Best Tires for Sports Cars
Even armed with huge horsepower, wind-tunnel development, and a fear-free driver, cars wouldn’t be able to attain big speed without tires capable of handling the inertial forces of 2700-plus rotations per minute. For this test, we gathered tires rated to sustain 168 mph or higher (which means at least a W speed rating). Though we didn’t test that certified durability classification, we did focus on the way these nine radials manage the lateral and longitudinal forces generated on a track or a great stretch of road.
The tires, all size 225/45R-17, hail from the summer-performance category, specifically the max- and extreme-performance subsets. Max-performance tires shift the balance of wet and dry performance that is baked into ultra-high-performance (UHP) summer tires toward the dry, with less optimization for ride and noise. Extreme-performance tires go a step further: They offer the best dry-road performance available for the street. A rainy day won’t sideline a car on extremes, but as a group they are not designed around comfort requirements such as ride and noise.
Unlike our previous examination of summer-performance rubber, we didn’t put a cap on price, though none of these tires costs more than $200. We could not test every tire in the max and extreme categories, so we started with tires we knew had good performance from our experience with them on road cars. From there, we added a few aftermarket-only fitments. The tires in this test—four extreme-performance, five max-performance—range in price from $133 to $199.
Once again, we partnered with Tire Rack and used its South Bend, Indiana, shop and test track as our base of operations. Its staff is our kin. Every employee is genuinely into cars and, not surprisingly, tires.Unlike in our normal tests, where we report the second-best stop from 70 mph as a measure of total vehicle performance, the average of five stops from 50 mph shifts the focus to the performance of the tires themselves. /p p Following those objective tests, we gathered impressions and lap times by driving Tire Rack’s autocross dry and wet. A sprinkler system spewing 300 gallons per minute onto the 0.33-mile course provided the irrigation required. /p table border="0" cellpadding="2" cellspacing="0"x">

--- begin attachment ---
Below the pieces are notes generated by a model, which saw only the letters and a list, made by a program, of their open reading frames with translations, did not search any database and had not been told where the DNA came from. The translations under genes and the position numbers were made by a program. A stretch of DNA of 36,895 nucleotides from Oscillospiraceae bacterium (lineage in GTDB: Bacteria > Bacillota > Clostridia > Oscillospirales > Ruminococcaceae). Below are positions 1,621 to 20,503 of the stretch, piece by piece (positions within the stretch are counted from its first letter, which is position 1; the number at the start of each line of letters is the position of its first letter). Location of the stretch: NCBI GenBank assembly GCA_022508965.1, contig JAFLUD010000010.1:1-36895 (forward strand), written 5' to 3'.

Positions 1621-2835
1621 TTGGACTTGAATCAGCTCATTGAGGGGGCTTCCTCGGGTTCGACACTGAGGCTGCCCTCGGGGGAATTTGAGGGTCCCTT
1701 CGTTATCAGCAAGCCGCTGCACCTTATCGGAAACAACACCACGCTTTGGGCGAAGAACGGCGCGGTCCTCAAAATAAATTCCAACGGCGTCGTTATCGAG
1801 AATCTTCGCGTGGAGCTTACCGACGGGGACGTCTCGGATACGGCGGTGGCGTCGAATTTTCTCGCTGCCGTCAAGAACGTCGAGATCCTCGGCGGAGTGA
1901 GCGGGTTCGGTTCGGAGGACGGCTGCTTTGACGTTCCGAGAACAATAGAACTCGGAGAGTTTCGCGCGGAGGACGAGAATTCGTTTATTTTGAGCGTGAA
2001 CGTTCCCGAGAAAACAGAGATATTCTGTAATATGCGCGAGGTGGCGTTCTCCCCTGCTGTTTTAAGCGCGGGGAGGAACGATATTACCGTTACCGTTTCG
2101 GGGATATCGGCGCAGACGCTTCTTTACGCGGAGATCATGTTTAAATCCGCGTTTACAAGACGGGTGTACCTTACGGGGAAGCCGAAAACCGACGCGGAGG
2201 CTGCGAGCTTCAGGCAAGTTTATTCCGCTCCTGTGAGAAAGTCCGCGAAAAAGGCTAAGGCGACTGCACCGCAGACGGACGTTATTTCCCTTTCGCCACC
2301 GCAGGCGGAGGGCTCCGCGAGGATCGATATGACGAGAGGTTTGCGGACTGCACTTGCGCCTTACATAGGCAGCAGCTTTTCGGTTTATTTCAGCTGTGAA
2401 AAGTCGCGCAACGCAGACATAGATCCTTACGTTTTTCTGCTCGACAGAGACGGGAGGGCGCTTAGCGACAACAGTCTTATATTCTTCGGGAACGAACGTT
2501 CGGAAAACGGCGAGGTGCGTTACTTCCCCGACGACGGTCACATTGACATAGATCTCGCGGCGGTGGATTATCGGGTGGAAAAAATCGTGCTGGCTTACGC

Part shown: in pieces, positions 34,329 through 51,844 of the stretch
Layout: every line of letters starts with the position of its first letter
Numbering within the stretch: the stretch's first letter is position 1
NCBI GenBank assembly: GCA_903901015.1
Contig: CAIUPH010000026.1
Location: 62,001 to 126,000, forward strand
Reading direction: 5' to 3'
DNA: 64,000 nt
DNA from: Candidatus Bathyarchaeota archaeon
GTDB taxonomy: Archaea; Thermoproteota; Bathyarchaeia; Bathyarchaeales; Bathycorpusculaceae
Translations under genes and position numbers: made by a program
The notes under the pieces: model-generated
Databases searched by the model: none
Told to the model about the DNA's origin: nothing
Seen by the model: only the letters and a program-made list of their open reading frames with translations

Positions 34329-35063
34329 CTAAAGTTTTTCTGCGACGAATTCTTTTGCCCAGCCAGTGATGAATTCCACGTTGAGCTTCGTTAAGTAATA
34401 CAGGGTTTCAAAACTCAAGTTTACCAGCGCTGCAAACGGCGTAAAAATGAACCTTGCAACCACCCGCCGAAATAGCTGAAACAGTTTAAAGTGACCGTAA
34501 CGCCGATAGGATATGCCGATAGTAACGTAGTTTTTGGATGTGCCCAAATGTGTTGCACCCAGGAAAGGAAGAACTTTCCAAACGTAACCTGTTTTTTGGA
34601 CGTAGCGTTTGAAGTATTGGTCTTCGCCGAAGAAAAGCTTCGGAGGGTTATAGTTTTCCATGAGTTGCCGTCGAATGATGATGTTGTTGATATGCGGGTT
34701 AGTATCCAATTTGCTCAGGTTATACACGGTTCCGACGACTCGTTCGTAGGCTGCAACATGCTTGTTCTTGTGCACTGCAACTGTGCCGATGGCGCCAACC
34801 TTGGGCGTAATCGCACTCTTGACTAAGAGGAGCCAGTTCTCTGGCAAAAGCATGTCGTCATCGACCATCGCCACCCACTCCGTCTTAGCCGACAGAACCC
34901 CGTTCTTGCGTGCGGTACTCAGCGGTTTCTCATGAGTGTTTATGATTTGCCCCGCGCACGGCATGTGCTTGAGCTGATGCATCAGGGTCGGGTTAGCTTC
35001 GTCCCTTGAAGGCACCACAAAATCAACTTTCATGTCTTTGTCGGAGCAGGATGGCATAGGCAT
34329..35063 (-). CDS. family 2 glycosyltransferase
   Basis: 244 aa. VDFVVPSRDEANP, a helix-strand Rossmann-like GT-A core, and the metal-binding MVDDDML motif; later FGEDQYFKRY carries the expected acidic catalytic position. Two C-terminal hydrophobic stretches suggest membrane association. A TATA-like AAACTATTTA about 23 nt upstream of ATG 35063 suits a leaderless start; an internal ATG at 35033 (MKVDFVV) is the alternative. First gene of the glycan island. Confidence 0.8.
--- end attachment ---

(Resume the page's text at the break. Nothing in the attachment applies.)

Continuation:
The E92 BMW 328is front-engine, rear-drive layout and its hydraulic power steering with precise feedback make it an ideal platform for testing tires.
We also conducted five-mile public-road tests to take sound-level measurements and evaluate the tires’ subtle differences in ride quality. How these factors varied among the tires—and how they were considered in the final results—was small yet significant.
To keep the test as scientifically sound as possible when collecting objective data and making subjective judgments, we ran a reference tire (a UHP all-season Pirelli) at the beginning, end, and two times in the middle of each test to ensure that conditions didn’t significantly change during the day. Plus we had two sets of each tire: one for wet testing, the other for dry—all mounted on identical wheels.
Spencer Geswein contributed his tire knowledge and driving ability, as well as his objectivity. Geswein insisted on doing the test blind, and we followed suit. The tires were tagged with arbitrary letters. We’re accustomed to checking the tire as we get into a car, so to not examine the rubber when we jumped in the BMW 328i test cars required the self-denial of a monk. Rogers held the answer key, not revealing the tires’ identities until the conclusion of all the testing. We wound up with a clear favorite in wet conditions, a favorite in dry conditions, and three days worth of test data to sort through.